Military-Connected Student Wins National Art Contest

The Google Doodle seen by millions on Google’s home page on May 23rd was created by Sabrina Brady, a 12th-grade student from Sparta, Wis. Sabrina’s interpretation of the letters in Google was inspired by the day she was reunited with her father after he returned home from an 18-month tour in Iraq.


This year, Google hosted its sixth annual Doodle 4 Google competition. They received more than 130,000 submissions and after millions of votes, Sabrina’s submission, “Coming Home,” was named the 2013 Doodle 4 Google National Winner. She, along with four finalists from different age groups, will receive college scholarships; Sabrina will use hers when she attends the Minneapolis College of Art and Design this fall.

Sabrina’s doodle depicts the experience shared by more than one million military-connected students who have a parent or parents serving in active duty and the National Guard and Reserves, both here in the U.S. and abroad. The Office of Innovation and Improvement is the home to the Department of Education’s Military Liaison Office. Staff members on the military liaison team support the collaboration between the Department and other governmental agencies as they address the educational challenges faced by military-connected children. Additionally, they coordinate and collaborate with nongovernmental agencies and nonprofit organizations also working with military-connected children and their families. On average, a military-connected student will move six to nine times between first and 12th grades. And, the average military-connected student will experience multiple deployments of at least one parent during their school years.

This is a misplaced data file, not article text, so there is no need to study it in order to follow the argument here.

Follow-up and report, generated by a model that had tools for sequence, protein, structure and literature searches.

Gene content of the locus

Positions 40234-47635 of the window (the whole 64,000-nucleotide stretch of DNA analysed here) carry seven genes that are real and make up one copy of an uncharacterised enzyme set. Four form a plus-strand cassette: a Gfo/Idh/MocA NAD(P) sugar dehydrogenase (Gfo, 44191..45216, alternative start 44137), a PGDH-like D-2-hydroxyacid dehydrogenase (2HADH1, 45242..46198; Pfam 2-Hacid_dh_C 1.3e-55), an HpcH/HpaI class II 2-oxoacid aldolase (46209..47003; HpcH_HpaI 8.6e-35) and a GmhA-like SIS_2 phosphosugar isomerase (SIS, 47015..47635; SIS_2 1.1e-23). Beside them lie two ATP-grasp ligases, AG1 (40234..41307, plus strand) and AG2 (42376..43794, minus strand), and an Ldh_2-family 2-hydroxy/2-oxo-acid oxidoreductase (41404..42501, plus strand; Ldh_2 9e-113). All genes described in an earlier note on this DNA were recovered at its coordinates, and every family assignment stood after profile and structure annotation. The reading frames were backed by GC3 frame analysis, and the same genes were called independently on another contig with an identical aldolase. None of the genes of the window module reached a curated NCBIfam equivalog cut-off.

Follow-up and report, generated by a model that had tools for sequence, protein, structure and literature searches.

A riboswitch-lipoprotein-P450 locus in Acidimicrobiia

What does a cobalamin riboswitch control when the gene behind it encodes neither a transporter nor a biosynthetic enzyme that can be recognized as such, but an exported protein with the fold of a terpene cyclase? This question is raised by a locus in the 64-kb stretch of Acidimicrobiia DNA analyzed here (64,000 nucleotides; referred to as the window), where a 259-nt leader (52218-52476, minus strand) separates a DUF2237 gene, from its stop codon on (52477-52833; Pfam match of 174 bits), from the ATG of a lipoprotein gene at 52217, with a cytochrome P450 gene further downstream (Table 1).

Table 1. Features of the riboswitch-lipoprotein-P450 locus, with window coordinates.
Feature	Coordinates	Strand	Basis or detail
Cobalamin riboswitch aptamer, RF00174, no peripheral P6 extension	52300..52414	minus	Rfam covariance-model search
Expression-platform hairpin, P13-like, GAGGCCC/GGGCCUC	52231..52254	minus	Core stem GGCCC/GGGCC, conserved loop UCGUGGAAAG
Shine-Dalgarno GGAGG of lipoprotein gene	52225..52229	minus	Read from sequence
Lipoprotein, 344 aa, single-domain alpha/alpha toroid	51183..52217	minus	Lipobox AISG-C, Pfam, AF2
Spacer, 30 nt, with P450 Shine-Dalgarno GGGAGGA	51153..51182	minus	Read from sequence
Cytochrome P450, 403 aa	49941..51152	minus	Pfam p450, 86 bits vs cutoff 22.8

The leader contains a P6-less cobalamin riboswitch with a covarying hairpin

Earlier this year, the Department’s Student Art Exhibit Program featured the visual art and creative writing of military-connected students as it hosted “America’s Children,” which included 50 creative works curated by the Military Child Education Coalition.

At the opening of the exhibit this past April, Eric Waldo, deputy chief of staff for policy and programs, observed that “military-connected kids are some of the most impressive, resilient, and incredible kids” he encounters in his travels for the Department. Clearly, creative can be added to that list.